DVD. Trinity X.
paper, Break is pretty impressive stuff –
a brutal, gory and grim backwoods slasher in the great tradition
of the sub-genre, featuring a couple of inbred hillbilly psychos
hunting down a car load of tourist out in the middle of nowhere.
Hardly original, perhaps, but that’s not a problem if the
film delivers the goods. The fact that Break
turns out to be a crashing failure is, therefore, particularly
After a savage and impressively gruesome pre-credits sequence,
the film gets down to developing the story, introducing us to
four girls – Anna, Claire, Rose and Sarah – who are
taking a camping break out in the wilderness. An early encounter
with a weird looking hunter hints at bad things to come, but for
most of the first hour, the only really bad things on display
are the four leads. Because there’s something very off about
Break, and once you adjust to the muffled dialogue, it’s
easy to see what it is: while clearly set in America, all the
leads are very obviously German. They are not supposed to be German
tourists – in fact, an encounter with a fellow hiker who
is German makes this very clear – but the heavy
accents are quite the giveaway. You have to wonder what is going
on here. Did director Matthias Olof Ekh think audiences wouldn’t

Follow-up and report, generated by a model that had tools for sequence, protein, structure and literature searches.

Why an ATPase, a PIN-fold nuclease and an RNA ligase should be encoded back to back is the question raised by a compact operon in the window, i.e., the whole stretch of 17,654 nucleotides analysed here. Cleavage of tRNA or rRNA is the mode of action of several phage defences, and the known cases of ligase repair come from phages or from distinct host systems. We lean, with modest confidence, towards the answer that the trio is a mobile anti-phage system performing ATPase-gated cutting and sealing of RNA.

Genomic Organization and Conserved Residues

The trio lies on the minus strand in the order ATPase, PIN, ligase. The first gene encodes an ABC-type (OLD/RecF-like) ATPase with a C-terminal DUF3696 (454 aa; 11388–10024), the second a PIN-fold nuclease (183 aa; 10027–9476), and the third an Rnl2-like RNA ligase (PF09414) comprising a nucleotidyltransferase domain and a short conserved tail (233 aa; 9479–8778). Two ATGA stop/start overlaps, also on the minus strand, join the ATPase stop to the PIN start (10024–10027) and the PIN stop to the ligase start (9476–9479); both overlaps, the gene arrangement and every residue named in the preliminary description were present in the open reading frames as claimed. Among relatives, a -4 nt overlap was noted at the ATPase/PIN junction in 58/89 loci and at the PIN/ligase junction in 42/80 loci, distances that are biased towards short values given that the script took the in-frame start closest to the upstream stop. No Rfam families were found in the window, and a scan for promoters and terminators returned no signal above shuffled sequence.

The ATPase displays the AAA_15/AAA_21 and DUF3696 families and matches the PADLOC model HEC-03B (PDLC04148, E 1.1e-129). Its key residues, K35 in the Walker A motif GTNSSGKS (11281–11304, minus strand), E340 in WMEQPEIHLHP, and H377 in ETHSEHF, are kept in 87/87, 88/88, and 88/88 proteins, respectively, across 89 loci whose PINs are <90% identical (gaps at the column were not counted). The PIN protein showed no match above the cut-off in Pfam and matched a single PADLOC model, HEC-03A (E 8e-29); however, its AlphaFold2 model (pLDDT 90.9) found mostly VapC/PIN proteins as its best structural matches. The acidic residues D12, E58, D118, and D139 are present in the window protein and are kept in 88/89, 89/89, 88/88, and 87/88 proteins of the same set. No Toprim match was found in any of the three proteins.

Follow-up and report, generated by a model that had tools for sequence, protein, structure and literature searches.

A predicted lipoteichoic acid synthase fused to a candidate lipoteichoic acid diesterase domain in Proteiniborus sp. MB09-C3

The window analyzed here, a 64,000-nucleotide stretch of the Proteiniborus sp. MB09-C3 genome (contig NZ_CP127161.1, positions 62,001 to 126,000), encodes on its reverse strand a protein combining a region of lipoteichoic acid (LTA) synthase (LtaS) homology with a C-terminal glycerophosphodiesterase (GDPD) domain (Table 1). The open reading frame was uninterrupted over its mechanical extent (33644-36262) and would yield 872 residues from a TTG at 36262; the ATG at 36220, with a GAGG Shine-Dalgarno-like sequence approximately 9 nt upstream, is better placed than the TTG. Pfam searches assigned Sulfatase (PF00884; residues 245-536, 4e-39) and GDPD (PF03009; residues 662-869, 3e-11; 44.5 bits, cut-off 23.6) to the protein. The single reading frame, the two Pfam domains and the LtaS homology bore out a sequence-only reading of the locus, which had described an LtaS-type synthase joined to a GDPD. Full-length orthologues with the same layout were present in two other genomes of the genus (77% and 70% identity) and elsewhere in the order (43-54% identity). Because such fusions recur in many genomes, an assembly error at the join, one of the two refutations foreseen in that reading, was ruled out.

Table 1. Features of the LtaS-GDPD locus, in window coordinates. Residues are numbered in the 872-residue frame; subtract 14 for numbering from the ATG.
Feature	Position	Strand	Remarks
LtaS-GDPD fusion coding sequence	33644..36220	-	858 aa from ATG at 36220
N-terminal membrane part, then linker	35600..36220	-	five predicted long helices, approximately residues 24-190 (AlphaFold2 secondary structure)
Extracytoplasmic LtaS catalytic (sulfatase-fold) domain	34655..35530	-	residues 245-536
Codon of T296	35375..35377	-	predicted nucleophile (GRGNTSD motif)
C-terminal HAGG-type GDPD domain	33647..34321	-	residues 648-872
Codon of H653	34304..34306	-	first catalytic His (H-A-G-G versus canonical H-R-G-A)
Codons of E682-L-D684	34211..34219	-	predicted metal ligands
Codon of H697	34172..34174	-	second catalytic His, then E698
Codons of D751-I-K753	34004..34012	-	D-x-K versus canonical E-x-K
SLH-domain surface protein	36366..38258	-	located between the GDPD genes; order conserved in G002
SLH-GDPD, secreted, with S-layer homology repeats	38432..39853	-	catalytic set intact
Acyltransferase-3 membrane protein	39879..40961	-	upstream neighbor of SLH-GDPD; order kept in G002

notice this, or simply that they wouldn’t question it? Did
he think that having his cast pretend to be American would somehow
make the film more internationally commercial? Doesn’t Germany
have forests and woods where a film like this could take place?
It might seem a minor point, but it’s a massive stumbling
block that the film never recovers from. Apart from immediately
pulling the viewer out of the story, it also results in stilted
performances from a cast who are obviously delivering dialogue
that is not in their native language. I’ve not idea how
well any of the actors speak English in real life, but their one-dimensional
performances suggest phonetic delivery. I could be wrong - they
might simply be rotten actors. Either way, it’s hard to
find their emotional bonding and revelations of personal secrets
(Sarah has had a bad relationship break up and is pregnant) remotely
still, when the killers turn up – and yes, the sinister
character encountered earlier was not a red herring – the
ensuing slaughter is oddly uninvolving. There is a lot of nastiness
here – mutilation, dismemberment, disembowelling and a thoroughly
unpleasant rape – but none of it has any real impact. The
villains are not convincing, the victims too dull for us to really
care about their fate, and the whole thing feels weirdly detached.
There’s no sense of shock, of horror or of outrage, because
the whole thing is so blandly filmed. Ironically, I suspect director
Ekh was trying his best to be as offensively nasty as possible
– certainly, the blood-drenched rape scene is shot in an
utterly gratuitous manner, there’s even more gratuitous
nudity and the gore is extreme. It’s quite an achievement
to make the end results so dull.
It’s a real shame, because a film like this should work.
God knows, it’s worked often enough in the past. But in
all honesty, it’s pretty weak, and the first disappointment
from the Trinity X label.
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